As finals week creeps ever closer, MU students prepare for the dreaded onslaught of studying. In the hopes of making your week a tad less stressful, here is a list of helpful study tips.
1. Pick the ideal location
Find somewhere quiet enough where you can focus on your work but not so isolated that you feel stifled by the silence. And while nothing beats the super plush chairs on the lower level of the Student Center, too comfy leads to unintended, three-hour naps. Check out the Bengal Lair or Starbucks inside Memorial Student Union or the little black booths by KCOU for a productive study spot.
2. Get down to work
Don’t spend eight hours planning how you want to study. Of course it’s important to make a schedule of when and what you want to study, but don’t get wrapped up in the organization of it. Otherwise, let’s be real; planning how you want to study is only you putting off the actual studying. And then as you begin the process, you’re going to discover things you really don’t know at all and things you’ve already mastered. If that means changing your plans to fit your needs, then do it. Don’t be afraid to change your study schedule.
3. Study to your strengths
If you’re a talkative person, speak your notes out loud as if you’re explaining it to someone. If you’re a kinetic learner, use your hands to visualize concepts like drawing out diagrams. If you’re an audio or visual learner, watch CrashCourse or Khan Academy.
4. Don’t be afraid to ask for help
Studying material you don’t understand is not productive. Go to the Student Success Center to get your questions answered or the Writing Center to receive some advice on a paper. Study groups and professor office hours are always helpful options as well. Some departments even have designated tutoring hours; for example, the physics department has tutoring from 3-6 p.m. on Wednesdays in 114 Physics. Just remember that studying doesn’t need to be a solitary sport; it’s a team effort.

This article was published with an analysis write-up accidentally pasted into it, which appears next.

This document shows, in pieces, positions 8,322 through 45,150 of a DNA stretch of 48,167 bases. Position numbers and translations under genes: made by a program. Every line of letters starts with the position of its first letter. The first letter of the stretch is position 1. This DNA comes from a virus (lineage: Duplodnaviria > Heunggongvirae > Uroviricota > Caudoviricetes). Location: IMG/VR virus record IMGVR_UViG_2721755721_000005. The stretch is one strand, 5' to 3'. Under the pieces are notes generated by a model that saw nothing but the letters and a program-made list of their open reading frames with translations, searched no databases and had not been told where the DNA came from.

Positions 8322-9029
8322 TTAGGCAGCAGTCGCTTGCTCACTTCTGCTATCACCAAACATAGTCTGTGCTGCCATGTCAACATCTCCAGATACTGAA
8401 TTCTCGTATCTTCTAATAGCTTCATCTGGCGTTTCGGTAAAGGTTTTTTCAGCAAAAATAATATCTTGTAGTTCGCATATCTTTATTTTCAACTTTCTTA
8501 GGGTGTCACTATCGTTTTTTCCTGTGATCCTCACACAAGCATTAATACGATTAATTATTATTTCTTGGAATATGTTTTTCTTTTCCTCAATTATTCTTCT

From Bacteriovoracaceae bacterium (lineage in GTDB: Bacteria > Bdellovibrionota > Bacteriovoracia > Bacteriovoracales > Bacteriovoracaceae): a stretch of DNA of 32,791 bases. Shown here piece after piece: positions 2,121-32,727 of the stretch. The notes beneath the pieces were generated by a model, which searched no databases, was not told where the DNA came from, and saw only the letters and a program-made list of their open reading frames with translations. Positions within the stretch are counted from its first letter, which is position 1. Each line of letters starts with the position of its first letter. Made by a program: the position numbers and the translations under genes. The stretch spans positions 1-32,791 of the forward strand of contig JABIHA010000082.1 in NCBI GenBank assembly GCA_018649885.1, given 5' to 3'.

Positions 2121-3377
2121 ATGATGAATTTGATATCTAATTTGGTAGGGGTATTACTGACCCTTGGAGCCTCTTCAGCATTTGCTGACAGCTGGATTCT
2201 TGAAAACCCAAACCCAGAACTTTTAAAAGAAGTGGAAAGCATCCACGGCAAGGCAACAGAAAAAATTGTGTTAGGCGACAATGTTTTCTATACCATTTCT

5. Friend groups aren’t study groups
While it might be fun to study with your friends, how productive are you actually being? Other people should not be a distraction but rather an aid to your learning. If you could be more productive studying without certain people, don’t study with those people. For example, studying with people in shared classes can be helpful, but if an individual is not in a class with you, he or she won’t know how to assist you.
6. Go back to the stone age
Having your phone constantly buzzing with texts and tweets and Snapchat notifications is of no help to your concentration. Place your phone out of reach from you and put it on “do not disturb” so you’re not tempted to look at it. Same goes with being online; if you’re writing a paper, stop yourself from switching tabs to your social media feed by using computer programs like Cold Turkey Blocker, which blocks your access to certain sites while studying.
7. Make a treat bag
While studying for that top grade is a great motivator, let’s be honest; sometimes the rationale just isn’t enough. Therefore, reward yourself for every time you finish a chapter of a textbook or get through a stack of notecards without a single mistake. Personal recommendation: Oreo Minis, Cheez-Its or M&MS.
8. Know when to stop studying
When it’s 3 in the morning and calculus formulas are starting to swirl into Japanese, you know you’re getting nowhere. Rather than forcing yourself to keep going, step away from your work. Go grab a snack, take a shower or skip as fast as you can up and down a hallway (my personal favorite stress reliever). Anything active and not academically focused will be helpful. And when you come back, you’ll have a fresh set of eyes and a clearer head.
9. Actually sleep
Sleeping is easier said than done but equally important to the studying part. Pulling an all nighter to get that last bit of chemistry memorized is not worth the physical and mental exhaustion you will feel the next day when you actually take the test. Plus, most times when you fall asleep, your brain reorganizes the information you learned during the day so the next morning when you wake up, you have better information retention.
Edited by Brooke Collier | firstname.lastname@example.org